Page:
“Free champagne always works,” says Josh Bladh of Dr. Taylor Bladh, Diamond Bar, CA.


Wine is never a bad choice, either. “We had an open house featuring Coach frames and a wine and cheese theme,” says Bob Schmittou of New Eyes Optical, Wyandotte, MI.


Offer private styling consultations with your visiting frame company’s representative. “Works well with exclusive lines!” reports Linda Haas of MyOptics in Denver, CO.


Try a themed trunk show. Dr. Ted McElroy of Vision Source-Tifton, Tifton, GA, says such shows get patients excited about coming in. And be consistent: “It is very important to have the event happen every year at the same time.”


Team up with the neighbors. When Glass Optical held its grand opening last year in the on-the-rise Oak Cliff area of Dallas, TX, it did so with its ultra-cool neighbor Spinster Records.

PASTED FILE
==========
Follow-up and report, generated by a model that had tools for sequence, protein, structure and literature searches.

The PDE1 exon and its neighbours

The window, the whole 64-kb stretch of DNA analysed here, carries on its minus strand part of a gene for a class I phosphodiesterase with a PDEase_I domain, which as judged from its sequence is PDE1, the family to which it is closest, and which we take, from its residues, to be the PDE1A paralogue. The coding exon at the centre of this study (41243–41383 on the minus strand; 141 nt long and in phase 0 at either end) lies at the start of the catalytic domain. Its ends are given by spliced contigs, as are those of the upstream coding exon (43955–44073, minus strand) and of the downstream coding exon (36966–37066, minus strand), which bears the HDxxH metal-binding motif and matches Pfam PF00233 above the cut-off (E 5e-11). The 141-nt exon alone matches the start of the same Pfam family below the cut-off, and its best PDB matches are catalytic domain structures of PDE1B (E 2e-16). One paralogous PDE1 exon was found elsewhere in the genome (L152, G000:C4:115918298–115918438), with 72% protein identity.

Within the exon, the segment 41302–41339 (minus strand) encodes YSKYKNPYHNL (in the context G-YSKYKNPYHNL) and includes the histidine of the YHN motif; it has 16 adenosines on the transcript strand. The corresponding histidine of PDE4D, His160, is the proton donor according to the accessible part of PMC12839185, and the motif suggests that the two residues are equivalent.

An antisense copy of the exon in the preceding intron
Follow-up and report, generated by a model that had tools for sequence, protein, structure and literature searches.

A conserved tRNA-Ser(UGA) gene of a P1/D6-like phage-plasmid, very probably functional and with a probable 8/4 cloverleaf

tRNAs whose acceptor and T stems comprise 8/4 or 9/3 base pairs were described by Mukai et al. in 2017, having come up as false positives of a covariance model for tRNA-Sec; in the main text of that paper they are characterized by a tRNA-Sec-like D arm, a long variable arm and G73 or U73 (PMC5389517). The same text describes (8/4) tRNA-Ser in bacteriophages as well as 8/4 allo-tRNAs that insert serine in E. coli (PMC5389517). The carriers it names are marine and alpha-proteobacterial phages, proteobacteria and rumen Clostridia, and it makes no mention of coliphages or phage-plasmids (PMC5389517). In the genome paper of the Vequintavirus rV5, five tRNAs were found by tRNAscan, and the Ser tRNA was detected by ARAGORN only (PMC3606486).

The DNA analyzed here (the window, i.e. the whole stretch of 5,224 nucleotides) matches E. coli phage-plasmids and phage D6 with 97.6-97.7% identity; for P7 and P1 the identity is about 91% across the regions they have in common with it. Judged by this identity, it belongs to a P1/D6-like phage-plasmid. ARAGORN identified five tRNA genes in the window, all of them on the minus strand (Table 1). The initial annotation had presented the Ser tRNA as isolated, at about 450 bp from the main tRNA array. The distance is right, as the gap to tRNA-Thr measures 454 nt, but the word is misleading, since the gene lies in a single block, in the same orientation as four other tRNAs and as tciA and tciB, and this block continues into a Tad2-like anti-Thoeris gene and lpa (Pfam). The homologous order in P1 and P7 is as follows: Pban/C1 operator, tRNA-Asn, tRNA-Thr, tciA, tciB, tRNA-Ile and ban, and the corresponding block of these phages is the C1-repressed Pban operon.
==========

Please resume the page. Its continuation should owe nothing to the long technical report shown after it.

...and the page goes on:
Pick up the phone. If you really want your VIP customers to be at your special event, you’ve got to call them. “The single best call-to-action for a patient or customer is a personal phone call from their optician,” says Stephanie Haenes of Art of Optiks in Wayzata, MN. “We do the calls in conjunction with emails and postcards, but time and time again the customer will point to the call as the reason they stopped in.”


“If possible, have the special event over a two-day period, not just one day” to minimize schedule conflicts and increase attendance, suggests Dr. Scott Keating of Vision Trends in Dover, OH.